Ocelots are beautiful cats with short sleek fur greyish to tawny yellow in colour marked with black spots and rosettes.
The Ocelot is a primarily solitary and nocturnal species. It is usual for Ocelots to spend a large part of their day resting in vegetation within forests. Hunting usually occurs at night. They feed on a variety of birds, reptiles, small mammals and larger prey such as armadillos, monkeys, agoutis, peccaries and deer. They are also good at swimming and often feed on fish.
Females usually give birth to a single kitten, although litter size can reach up to 4 young. The kittens remain sheltered in a den for up to six weeks until they are able to travel with the mother, and reach maturity by the age of two years old.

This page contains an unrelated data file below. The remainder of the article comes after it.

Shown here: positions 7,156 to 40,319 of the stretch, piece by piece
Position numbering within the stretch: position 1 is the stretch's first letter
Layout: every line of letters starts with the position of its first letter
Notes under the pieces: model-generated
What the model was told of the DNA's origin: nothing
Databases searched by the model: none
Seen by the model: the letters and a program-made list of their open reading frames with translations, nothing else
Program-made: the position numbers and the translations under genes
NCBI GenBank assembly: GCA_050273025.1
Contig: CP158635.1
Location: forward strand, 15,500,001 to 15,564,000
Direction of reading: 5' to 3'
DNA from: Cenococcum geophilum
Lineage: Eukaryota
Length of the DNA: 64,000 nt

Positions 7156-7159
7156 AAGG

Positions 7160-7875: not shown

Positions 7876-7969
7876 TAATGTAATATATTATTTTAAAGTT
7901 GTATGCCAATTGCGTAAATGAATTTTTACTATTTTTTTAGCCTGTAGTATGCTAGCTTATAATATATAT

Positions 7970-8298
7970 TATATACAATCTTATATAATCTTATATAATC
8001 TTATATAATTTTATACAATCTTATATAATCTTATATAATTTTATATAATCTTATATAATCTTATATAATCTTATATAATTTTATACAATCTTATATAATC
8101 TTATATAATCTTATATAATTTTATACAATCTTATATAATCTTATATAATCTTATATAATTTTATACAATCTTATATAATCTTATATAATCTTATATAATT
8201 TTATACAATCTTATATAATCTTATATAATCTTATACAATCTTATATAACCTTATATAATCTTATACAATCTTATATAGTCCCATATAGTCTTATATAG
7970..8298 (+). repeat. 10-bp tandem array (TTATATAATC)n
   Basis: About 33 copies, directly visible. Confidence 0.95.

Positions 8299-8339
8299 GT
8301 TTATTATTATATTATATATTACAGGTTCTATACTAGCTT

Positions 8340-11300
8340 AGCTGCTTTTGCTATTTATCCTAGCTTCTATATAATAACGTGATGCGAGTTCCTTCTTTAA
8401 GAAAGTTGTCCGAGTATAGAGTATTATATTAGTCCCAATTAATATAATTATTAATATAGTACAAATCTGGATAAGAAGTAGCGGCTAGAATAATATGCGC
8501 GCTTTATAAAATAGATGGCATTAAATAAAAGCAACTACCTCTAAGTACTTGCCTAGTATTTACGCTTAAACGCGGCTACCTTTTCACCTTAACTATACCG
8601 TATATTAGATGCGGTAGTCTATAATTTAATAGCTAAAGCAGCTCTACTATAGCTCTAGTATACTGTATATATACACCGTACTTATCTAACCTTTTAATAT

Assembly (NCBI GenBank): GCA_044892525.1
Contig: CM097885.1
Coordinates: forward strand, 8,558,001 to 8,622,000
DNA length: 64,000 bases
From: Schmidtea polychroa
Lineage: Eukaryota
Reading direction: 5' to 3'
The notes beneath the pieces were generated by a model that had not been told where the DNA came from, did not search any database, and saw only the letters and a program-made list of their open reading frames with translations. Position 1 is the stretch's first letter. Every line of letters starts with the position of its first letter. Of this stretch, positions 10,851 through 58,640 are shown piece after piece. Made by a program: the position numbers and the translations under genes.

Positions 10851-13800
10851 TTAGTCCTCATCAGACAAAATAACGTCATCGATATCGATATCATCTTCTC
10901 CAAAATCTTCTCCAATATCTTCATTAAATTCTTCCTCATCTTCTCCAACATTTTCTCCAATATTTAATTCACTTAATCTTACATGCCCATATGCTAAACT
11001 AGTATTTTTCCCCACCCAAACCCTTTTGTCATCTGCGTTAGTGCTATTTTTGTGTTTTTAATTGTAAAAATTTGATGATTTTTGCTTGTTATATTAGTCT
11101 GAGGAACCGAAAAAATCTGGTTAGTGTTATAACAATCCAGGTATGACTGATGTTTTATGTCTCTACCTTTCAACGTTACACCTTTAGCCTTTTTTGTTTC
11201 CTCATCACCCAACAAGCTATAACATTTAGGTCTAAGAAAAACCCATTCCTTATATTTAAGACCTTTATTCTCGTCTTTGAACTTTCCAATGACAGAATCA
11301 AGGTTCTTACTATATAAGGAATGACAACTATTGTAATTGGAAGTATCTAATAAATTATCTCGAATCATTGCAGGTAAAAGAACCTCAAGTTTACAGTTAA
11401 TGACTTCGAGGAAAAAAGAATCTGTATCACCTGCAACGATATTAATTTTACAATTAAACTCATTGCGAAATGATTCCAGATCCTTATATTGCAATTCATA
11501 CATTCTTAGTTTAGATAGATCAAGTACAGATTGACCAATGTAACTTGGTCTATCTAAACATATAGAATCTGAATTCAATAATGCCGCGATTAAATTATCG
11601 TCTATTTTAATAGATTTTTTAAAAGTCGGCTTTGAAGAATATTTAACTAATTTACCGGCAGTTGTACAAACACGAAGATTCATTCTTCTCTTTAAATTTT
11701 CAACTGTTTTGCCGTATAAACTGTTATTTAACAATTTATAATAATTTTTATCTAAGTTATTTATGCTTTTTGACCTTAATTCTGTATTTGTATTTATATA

Ocelots occur from the southern United States to northern Argentina and can be found in a wide variety of forest habitats.
Threats and Conservation
In the past Ocelots have been heavily hunted for the international fur trade and pet trade. International trade in the Ocelot is now banned and the species is legally protected in most countries, but legislation is often poorly enforced and illegal trade persists. However, deforestation is the major threat to Ocelot populations.